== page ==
On Wednesday (10 June), representatives from Choices Network Thailand and the Tamtang Group went to parliament to submit a petition to the Standing Committee on Children, Young People, Women, the Elderly, Persons With Disabilities, Ethnic Groups, and LGBT People calling for the repeal of Article 301 of the Thai Criminal Code, which criminalises abortion.
Kritaya Achavanitkul (behind the podium) with representatives from Choices Network Thailand, the Tamtang Group, and the Standing Committee on Children, Young People, Women, the Elderly, Persons With Disabilities, Ethnic Groups, and LGBT People at the press conference where they submit the petition.
Kritaya Achavanitkul, coordinator of Choices Network, said that “Article 301 is the ugliest section in the Thai Criminal Code, because it is the only article which punishes only women.” Article 301 states that any woman who terminates her own pregnancy or allows others to terminate her pregnancy may receive a prison sentence of up to three years or a fine of 60,000 baht or both. It is the only article in the Thai Criminal Codes in which the person violating the law is specifically referred to as “woman” instead of “person.”
Kritaya also said that, since termination of pregnancy is something the woman does to her own body, it is a victimless crime, and Article 301 can be considered discriminatory.
On 19 February 2020, the Constitutional Court of Thailand also ruled that Article 301 violates Sections 27 and 28 of the Constitution, and should be amended to be more suitable to the situation. The ruling also stated that the Court’s decision on Article 301 will take effect 360 days after the date the ruling was issued.
Section 27 of the Constitution states that “all persons are equal before the law,” and that “men and women shall enjoy equal rights,” as well as prohibiting discrimination based on differences, while Section 28 states that “a person shall enjoy the right and liberty in his or her life and person.”
Kritaya said that the Cabinet has received the Court’s ruling and assigned the task to the Ministry of Public Health, the Ministry of Justice, and the Ministry of Social Development and Human Security. However, Kritaya said that, in reality, it is the Office of the Council of State which is currently responsible for drafting a new law. She said that she has been part of the process of amending the abortion law, and said that the new version of the law would still criminalise abortion after a certain gestational age, which has yet to be determined.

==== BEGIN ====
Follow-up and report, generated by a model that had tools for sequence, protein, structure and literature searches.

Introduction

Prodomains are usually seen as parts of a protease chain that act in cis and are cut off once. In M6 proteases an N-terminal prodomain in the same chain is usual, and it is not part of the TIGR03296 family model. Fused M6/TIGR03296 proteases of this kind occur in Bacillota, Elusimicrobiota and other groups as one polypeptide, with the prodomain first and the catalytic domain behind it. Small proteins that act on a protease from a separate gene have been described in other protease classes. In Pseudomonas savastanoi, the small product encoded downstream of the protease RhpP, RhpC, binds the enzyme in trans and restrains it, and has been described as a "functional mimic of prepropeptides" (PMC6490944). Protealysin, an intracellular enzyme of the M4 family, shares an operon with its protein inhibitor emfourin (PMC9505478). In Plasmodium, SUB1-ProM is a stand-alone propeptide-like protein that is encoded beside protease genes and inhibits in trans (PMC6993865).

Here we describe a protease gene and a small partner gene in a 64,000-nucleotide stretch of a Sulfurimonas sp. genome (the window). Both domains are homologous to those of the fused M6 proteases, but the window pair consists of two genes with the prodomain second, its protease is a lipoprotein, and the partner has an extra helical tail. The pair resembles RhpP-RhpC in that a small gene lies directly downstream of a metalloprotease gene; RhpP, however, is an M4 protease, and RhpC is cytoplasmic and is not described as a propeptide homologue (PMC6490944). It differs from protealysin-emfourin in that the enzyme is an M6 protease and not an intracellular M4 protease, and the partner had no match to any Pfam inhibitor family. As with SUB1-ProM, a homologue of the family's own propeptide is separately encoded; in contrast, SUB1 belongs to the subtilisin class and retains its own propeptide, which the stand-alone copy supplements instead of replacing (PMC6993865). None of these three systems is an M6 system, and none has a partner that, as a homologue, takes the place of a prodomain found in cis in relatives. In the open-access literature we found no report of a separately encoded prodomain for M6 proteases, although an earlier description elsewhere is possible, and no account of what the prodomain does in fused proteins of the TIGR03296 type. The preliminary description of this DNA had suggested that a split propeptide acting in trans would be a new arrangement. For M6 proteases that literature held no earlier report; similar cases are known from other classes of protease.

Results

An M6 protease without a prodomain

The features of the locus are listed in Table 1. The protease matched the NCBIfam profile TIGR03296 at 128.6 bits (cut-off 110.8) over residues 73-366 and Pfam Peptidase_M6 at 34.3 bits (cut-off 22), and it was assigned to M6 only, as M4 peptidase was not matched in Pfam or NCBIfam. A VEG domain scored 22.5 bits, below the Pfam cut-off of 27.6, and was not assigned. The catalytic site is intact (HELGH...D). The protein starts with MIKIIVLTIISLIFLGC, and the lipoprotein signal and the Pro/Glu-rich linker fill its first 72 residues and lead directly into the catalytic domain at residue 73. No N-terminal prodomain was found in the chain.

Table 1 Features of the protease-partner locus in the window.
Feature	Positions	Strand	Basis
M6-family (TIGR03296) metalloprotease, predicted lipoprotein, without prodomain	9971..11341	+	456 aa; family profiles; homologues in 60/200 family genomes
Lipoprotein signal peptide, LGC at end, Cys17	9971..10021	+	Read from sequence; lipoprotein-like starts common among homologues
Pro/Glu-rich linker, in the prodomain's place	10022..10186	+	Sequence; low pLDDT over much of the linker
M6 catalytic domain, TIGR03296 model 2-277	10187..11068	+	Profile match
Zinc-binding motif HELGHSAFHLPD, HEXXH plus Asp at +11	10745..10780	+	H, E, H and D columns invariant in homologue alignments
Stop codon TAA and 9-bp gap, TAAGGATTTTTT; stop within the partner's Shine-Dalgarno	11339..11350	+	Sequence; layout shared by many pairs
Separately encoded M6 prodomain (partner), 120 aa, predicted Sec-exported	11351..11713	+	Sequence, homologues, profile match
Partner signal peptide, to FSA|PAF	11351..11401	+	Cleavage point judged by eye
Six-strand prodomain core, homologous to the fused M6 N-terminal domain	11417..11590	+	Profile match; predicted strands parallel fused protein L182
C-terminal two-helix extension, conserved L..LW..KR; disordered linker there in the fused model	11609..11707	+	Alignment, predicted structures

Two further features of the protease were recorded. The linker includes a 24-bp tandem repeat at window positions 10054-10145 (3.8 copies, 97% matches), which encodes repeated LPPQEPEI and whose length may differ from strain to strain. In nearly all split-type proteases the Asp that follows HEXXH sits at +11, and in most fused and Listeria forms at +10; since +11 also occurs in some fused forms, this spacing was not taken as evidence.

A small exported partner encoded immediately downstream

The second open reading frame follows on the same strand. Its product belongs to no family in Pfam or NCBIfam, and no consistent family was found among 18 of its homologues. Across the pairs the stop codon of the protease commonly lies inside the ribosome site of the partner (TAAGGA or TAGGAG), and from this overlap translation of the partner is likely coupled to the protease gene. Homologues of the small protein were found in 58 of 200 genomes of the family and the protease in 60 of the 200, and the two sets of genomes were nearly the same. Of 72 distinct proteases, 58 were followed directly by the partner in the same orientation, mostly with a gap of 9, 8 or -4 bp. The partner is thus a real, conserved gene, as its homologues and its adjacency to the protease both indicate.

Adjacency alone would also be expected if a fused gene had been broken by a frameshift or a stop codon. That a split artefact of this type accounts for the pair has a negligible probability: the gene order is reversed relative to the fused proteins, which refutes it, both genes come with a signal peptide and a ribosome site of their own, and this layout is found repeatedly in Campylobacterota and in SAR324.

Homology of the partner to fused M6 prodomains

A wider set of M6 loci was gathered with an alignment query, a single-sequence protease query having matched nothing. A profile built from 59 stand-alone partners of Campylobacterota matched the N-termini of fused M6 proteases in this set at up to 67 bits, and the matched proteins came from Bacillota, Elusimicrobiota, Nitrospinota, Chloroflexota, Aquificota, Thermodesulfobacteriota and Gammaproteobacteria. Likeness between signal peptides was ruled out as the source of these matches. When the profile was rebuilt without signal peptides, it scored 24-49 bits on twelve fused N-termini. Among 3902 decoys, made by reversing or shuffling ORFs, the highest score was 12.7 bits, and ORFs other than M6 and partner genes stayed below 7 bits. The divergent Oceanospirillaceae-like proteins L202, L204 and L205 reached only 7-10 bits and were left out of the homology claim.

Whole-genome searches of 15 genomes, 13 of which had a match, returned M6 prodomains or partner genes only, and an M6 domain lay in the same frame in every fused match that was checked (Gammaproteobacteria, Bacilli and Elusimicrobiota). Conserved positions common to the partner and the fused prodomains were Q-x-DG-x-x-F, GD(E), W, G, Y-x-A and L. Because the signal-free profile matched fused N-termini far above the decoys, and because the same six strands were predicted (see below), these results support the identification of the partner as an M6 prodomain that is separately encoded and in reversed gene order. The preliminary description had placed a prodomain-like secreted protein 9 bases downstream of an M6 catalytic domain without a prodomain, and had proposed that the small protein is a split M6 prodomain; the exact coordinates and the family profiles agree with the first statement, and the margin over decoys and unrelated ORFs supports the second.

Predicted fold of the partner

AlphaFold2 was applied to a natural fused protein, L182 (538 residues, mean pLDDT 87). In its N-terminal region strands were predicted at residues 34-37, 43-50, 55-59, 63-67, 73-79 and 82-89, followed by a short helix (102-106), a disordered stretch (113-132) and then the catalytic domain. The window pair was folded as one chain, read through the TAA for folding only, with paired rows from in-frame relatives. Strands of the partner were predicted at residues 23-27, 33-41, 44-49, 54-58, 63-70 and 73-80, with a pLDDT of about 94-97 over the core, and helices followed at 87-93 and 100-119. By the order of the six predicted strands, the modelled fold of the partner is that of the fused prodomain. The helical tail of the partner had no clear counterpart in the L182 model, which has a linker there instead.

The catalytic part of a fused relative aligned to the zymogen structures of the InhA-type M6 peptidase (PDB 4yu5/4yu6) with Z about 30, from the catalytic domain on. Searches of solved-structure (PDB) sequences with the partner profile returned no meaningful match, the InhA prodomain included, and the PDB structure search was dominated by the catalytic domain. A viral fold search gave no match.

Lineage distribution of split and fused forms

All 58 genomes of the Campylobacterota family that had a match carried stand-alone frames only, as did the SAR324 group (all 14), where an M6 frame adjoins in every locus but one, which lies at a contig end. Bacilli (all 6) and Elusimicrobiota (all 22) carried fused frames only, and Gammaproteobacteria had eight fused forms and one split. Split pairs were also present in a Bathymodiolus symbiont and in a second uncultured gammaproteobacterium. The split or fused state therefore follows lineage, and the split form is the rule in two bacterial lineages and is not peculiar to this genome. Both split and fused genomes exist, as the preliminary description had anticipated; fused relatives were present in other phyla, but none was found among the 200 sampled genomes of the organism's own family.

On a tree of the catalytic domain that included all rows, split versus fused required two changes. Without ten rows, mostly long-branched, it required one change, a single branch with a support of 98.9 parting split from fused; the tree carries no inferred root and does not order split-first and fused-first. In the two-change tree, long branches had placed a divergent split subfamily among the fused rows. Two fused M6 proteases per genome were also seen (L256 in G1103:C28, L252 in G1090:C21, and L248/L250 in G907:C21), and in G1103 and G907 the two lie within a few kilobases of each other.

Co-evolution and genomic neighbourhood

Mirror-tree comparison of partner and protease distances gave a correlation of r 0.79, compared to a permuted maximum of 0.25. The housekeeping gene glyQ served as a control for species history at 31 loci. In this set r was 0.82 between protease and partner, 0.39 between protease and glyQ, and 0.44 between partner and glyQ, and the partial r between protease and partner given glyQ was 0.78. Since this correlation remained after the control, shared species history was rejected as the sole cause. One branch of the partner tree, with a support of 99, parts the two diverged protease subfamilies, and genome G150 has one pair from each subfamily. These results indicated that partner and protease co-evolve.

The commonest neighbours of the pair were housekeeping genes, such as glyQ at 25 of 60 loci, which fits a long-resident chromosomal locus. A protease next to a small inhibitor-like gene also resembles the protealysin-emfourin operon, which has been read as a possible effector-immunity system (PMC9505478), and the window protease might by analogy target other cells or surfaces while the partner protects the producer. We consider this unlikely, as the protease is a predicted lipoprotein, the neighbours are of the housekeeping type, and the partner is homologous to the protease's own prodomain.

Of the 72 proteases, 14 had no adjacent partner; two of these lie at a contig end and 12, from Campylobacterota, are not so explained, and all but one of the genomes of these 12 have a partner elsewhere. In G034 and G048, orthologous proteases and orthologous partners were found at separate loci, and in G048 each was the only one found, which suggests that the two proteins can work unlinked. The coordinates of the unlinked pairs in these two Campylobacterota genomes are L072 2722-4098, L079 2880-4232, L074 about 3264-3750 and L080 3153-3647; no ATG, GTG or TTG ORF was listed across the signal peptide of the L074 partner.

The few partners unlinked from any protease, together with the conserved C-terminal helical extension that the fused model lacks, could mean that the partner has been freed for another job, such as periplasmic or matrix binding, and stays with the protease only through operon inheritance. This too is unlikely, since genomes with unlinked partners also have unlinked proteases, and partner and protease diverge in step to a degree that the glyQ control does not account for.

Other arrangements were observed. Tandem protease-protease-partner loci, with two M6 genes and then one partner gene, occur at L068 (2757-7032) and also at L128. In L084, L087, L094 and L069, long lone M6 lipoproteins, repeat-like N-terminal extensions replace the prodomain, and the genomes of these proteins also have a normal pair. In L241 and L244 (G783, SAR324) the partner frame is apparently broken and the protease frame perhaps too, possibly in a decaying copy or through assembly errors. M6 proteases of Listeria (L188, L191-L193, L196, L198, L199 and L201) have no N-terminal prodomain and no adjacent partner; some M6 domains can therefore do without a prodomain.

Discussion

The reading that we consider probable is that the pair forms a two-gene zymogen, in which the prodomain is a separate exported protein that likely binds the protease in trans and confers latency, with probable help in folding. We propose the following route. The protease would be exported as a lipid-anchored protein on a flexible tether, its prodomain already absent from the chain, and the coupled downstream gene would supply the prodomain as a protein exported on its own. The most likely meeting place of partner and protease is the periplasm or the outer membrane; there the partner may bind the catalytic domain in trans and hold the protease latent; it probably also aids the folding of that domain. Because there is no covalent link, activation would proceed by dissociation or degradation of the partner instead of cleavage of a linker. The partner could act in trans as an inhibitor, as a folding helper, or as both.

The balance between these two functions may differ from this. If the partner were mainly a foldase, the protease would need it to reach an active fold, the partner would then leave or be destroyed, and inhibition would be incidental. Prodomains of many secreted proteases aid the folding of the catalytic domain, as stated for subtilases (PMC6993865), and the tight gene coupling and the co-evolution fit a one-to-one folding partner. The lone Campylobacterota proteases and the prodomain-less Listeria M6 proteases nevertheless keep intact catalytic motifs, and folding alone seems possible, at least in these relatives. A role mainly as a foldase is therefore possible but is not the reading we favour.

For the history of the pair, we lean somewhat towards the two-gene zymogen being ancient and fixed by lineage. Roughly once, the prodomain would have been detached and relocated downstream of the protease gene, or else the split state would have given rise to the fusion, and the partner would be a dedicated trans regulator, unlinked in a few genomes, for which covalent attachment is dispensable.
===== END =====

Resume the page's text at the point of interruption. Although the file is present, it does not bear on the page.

“If the amendment is not made within 360 days, this article will automatically lapse, but we are not really sure whether that will really happen, because the government side and other government agencies are trying to speed up the drafting of the law, so we are proposing an amendment to the Criminal Code, as a proposal from the civil society sector. […] It took us two days to get the signatures. 40 organizations and over 1300 people have signed the petition, which is still open for signatures. This article is heart-breaking for women, especially women who have unwanted pregnancies and want to terminate, because it carries a criminal sentence and a statute of limitations of 20 years, if the police still want to arrest the woman, but in reality in Thailand, no women has ever been arrested and prosecuted for having an abortion, because the police often take them in as witnesses, but they exploit this article to threaten them or to find an indirect way of prosecuting doctors who provide the correct services, […] so I think that this article needs to be repealed,” said Kritaya.